German Police Arrest Two Bitcoin-mining Botnet Operators

A statement from the German federal police (Bundeskriminalamt, or BKA) said yesterday that it was investigating three suspects and, in conjunction with the GSG-9, the German federal counter-terrorism unit, had arrested two on suspicion of computer fraud. It is not clear why a counter-terrorism unit was involved in the arrests (its own website says its primary purpose is to save endangered lives), nor why only two of the three suspects were taken into custody.

"The investigation", said the BKA, "has confirmed the suspicion that the perpetrator group had modified existing malware already widespread on the internet and developed a botnet." The primary purpose was to mine bitcoins.

Bitcoins are an unregulated electronic currency stored in cryptographically protected electronic wallets. They can be mined or traded, and are used both for online and some offline purchases. Mining bitcoins involves solving cryptographic puzzles. As more bitcoins come into existence, those puzzles are getting harder and the generated bitcoins getting fewer. But simultaneously, the value of existing bitcoins is increasing, having recently tipped $1000.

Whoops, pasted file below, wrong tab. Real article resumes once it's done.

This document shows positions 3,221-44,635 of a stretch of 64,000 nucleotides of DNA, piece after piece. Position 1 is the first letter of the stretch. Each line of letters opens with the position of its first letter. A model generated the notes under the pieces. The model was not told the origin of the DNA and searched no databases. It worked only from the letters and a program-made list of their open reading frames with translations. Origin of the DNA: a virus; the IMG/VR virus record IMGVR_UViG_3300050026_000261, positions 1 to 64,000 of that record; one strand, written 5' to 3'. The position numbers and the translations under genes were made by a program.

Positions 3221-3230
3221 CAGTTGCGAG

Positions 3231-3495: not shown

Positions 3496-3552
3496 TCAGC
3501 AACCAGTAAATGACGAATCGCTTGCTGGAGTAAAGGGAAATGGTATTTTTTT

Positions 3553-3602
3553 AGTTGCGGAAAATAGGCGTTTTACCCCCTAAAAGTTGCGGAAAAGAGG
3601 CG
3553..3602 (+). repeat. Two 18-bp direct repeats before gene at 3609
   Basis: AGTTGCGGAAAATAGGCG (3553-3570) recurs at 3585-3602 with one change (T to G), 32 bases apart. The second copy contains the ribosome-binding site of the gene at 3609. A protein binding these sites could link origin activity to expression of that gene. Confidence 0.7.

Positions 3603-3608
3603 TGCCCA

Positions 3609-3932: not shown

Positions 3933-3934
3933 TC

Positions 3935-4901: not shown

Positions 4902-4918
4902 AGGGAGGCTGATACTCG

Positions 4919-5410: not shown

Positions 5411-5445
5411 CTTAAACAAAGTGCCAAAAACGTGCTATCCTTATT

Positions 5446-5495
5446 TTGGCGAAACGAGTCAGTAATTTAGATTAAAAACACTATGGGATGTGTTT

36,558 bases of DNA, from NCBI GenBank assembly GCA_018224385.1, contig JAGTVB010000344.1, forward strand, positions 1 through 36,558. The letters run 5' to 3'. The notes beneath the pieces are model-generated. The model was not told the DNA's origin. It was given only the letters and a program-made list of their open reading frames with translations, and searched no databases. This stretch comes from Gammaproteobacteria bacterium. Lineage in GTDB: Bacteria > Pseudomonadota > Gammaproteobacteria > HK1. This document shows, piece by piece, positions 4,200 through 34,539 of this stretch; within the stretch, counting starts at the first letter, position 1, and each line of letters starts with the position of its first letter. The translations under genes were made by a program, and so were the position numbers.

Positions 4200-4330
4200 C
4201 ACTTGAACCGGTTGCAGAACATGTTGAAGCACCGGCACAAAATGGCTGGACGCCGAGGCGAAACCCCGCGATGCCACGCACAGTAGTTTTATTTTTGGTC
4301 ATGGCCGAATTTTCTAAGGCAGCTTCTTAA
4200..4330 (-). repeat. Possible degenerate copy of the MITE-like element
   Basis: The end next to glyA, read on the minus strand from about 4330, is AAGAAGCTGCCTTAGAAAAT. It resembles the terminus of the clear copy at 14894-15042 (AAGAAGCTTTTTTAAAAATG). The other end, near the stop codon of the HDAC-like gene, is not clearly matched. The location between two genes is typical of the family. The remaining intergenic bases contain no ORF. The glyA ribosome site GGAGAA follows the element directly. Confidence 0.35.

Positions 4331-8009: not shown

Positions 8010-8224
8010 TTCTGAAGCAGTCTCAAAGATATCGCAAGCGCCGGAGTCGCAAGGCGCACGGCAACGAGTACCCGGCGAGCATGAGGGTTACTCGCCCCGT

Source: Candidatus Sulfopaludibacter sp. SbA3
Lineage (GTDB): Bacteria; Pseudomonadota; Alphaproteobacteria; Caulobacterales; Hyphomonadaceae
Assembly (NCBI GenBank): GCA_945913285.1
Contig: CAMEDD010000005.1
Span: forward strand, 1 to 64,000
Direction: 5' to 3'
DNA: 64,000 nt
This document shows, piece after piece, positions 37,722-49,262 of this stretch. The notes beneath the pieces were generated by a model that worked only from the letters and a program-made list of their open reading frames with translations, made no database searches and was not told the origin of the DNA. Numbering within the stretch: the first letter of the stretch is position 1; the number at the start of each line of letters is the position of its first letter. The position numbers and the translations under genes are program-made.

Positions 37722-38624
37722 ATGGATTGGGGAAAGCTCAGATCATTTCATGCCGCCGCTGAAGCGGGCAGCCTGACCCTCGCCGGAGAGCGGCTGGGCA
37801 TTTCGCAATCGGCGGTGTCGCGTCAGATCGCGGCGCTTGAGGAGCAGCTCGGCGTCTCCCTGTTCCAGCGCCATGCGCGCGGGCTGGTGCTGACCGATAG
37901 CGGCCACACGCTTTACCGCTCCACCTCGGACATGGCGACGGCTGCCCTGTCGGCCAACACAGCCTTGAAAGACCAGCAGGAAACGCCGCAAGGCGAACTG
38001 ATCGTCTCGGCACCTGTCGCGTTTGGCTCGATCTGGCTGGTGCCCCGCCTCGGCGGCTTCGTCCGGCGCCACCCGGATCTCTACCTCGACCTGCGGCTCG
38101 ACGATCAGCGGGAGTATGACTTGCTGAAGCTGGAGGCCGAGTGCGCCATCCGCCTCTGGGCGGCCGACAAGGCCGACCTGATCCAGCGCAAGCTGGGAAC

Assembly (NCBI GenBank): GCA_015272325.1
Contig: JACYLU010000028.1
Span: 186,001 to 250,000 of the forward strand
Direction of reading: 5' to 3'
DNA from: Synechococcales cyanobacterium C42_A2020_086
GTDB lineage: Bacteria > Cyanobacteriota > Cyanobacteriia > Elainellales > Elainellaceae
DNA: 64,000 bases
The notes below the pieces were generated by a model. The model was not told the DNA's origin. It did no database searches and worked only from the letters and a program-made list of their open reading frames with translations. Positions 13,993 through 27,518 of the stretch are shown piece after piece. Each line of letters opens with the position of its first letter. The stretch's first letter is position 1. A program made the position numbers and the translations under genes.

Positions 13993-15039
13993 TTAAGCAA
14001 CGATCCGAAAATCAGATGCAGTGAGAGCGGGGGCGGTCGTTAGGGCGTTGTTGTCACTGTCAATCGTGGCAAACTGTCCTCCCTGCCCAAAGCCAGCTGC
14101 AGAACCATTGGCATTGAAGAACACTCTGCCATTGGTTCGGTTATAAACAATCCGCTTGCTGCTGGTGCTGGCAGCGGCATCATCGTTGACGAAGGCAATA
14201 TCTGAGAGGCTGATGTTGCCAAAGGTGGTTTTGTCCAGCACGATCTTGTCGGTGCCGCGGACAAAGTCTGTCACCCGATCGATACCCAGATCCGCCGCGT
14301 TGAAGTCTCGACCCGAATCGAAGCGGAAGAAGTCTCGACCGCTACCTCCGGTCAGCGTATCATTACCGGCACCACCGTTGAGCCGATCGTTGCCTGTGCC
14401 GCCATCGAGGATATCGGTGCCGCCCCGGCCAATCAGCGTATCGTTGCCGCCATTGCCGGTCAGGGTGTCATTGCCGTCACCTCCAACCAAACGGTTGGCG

It is no longer realistic to mine botnets alone; yet the potential reward is increasing in real value. A dedicated and legal data center thought to be in Hong Kong was recently described, together with the evolution of a potentially unwanted program (PUP) using a bitcoin miner to 'pay' for the app. The bitcoin mining aspect of the PUP was apparently consuming up to 50% of the user's processing capacity.

In this latest instance the suspects developed a more traditional botnet specifically designed to do the mining for them. 

Bitcoins, said BKA president Jörg Zierk, will keep law enforcement agencies busy in the future. "The relative anonymity of the currency facilitates money laundering and minimizes the risk of detection," he said. While the currency theoretically solves many of the structural problems inherent in national physical currencies, it is increasingly attracting law enforcement attention over its use to pay for illegal services and items on the dark net. The Silk Road, believed to be the most successful of the underground trading sites specializing in the sale of drugs but including guns, did all of its trades in bitcoins.

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